The European Summit took place on 6-7 December and gathered around 2000 participants in 2 days. This year the event concentrated on the topic “Digital transformation of care”. In his opening speech, Roberto Viola, Director-General, DG Connect, insisted that this transformation delivers more opportunities since the cost for healthcare is constantly increasing, gradually overtaking the expenditure for pensions. He also advocated for a new way to consider care, focusing primarily on integrated care and on active communities that integrate technology into our environment.
On the first day of the Summit, Markku Markkula, president of the Committee of the Regions emphasized that technological developments bring new expectations that we need to fulfill. During the panel debate after the opening ceremony, the representatives from the industry who contributed to the Blueprint, a common vision in how innovation can transform the ageing society, urged to scale up the deployment of what we have already learnt.
Martin Seychell, Deputy Director General, DG SANTE, reiterated that innovation is not only technology but also our care delivery systems and commended to put technology in this context. He also drew attention to the importance of regions, being the main drivers and implementers due to their homogeneity and closeness to its citizens.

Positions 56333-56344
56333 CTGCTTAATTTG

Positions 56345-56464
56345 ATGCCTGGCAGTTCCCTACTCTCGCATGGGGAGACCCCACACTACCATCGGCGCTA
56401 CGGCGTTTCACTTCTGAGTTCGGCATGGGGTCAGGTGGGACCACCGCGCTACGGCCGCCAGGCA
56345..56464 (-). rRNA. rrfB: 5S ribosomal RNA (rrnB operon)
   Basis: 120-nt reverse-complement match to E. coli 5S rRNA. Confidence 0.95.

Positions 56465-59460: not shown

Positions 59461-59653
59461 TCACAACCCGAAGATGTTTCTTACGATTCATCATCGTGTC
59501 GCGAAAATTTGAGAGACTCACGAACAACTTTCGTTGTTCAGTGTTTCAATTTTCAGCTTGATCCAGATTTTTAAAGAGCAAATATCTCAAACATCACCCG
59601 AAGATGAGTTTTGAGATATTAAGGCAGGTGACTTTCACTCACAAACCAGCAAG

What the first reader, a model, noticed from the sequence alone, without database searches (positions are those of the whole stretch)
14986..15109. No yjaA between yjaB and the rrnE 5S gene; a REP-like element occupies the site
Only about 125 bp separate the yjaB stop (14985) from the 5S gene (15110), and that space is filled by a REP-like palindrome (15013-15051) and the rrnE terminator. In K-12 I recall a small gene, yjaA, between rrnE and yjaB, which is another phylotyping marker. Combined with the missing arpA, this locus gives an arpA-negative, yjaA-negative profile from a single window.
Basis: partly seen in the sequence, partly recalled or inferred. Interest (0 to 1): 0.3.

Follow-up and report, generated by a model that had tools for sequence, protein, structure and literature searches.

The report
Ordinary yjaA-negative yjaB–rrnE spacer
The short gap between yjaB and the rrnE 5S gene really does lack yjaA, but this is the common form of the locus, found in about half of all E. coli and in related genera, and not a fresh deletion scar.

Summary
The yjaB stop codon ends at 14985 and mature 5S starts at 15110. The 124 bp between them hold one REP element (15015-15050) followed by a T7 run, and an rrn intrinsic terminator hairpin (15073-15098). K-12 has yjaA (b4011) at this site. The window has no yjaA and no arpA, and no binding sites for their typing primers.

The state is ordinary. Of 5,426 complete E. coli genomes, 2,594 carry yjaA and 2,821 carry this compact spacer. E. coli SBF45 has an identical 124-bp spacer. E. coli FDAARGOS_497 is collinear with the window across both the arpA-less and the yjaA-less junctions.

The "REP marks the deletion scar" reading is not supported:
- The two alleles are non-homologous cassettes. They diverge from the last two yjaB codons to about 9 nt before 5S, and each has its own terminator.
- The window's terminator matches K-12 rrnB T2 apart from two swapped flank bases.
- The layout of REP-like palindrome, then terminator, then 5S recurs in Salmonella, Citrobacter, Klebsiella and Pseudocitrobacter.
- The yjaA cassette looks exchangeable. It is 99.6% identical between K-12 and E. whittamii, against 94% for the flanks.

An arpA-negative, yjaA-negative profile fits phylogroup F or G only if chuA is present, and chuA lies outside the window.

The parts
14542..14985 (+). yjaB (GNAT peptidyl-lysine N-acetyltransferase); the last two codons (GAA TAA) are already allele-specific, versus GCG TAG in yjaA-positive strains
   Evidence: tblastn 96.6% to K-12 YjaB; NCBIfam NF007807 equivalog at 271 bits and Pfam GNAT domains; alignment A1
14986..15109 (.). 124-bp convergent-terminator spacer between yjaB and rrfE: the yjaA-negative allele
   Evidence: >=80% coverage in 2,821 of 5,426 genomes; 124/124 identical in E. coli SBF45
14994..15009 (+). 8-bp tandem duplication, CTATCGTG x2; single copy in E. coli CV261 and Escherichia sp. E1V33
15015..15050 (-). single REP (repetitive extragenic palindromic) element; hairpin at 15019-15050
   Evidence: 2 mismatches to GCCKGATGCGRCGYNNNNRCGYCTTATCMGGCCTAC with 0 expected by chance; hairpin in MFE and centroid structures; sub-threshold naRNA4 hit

A recurring theme throughout the Summit was that digitalisation cannot substitute personal contact. In other words, innovation should go hand in hand with humanisation. Furthermore, health systems are too important to be changed top down and it is vital to involve healthcare professionals as well as patients in this complex process. One final remark was that we are not specifically building technology for the elderly but we need to apply the mainstream technology to their needs.
Other debates during the Summit ranged from regional strategies to scale up innovation, smart housing, to free flow of health and wellbeing data, and removal of barriers to scalable markets.
The second day of the event focused on the development of new models for public private partnerships for innovation in health and care. During the debate participants agreed that we can not solve problems with one acute action, instead we need patience and continuity. In Europe, we have good care providers which can be translated into capabilities, and in terms of budget, we have to be brave and invest in new industries in order to succeed. Furthermore, we need to create an adequate safety net for those who are likely to lose jobs due to technological disruption.
Further discussions covered mapping of investment in scaling up digital innovation across the EU, and linking IoT and interoperability of AHA solutions. The Summit also included the presentations on Action Groups’ achievements under the European Innovation Partnership on Active and Healthy Ageing (EIP on AHA).
The European Summit also gathered regional leaders of 74 Reference Sites across European Union. EUREGHA Members Catalonia, Wales and Scotland were among the front runners as 4 stars Reference Sites in the framework of the EIP on AHA. The Repository of innovative practices is online and accessible at https://lnkd.in/dNcug_d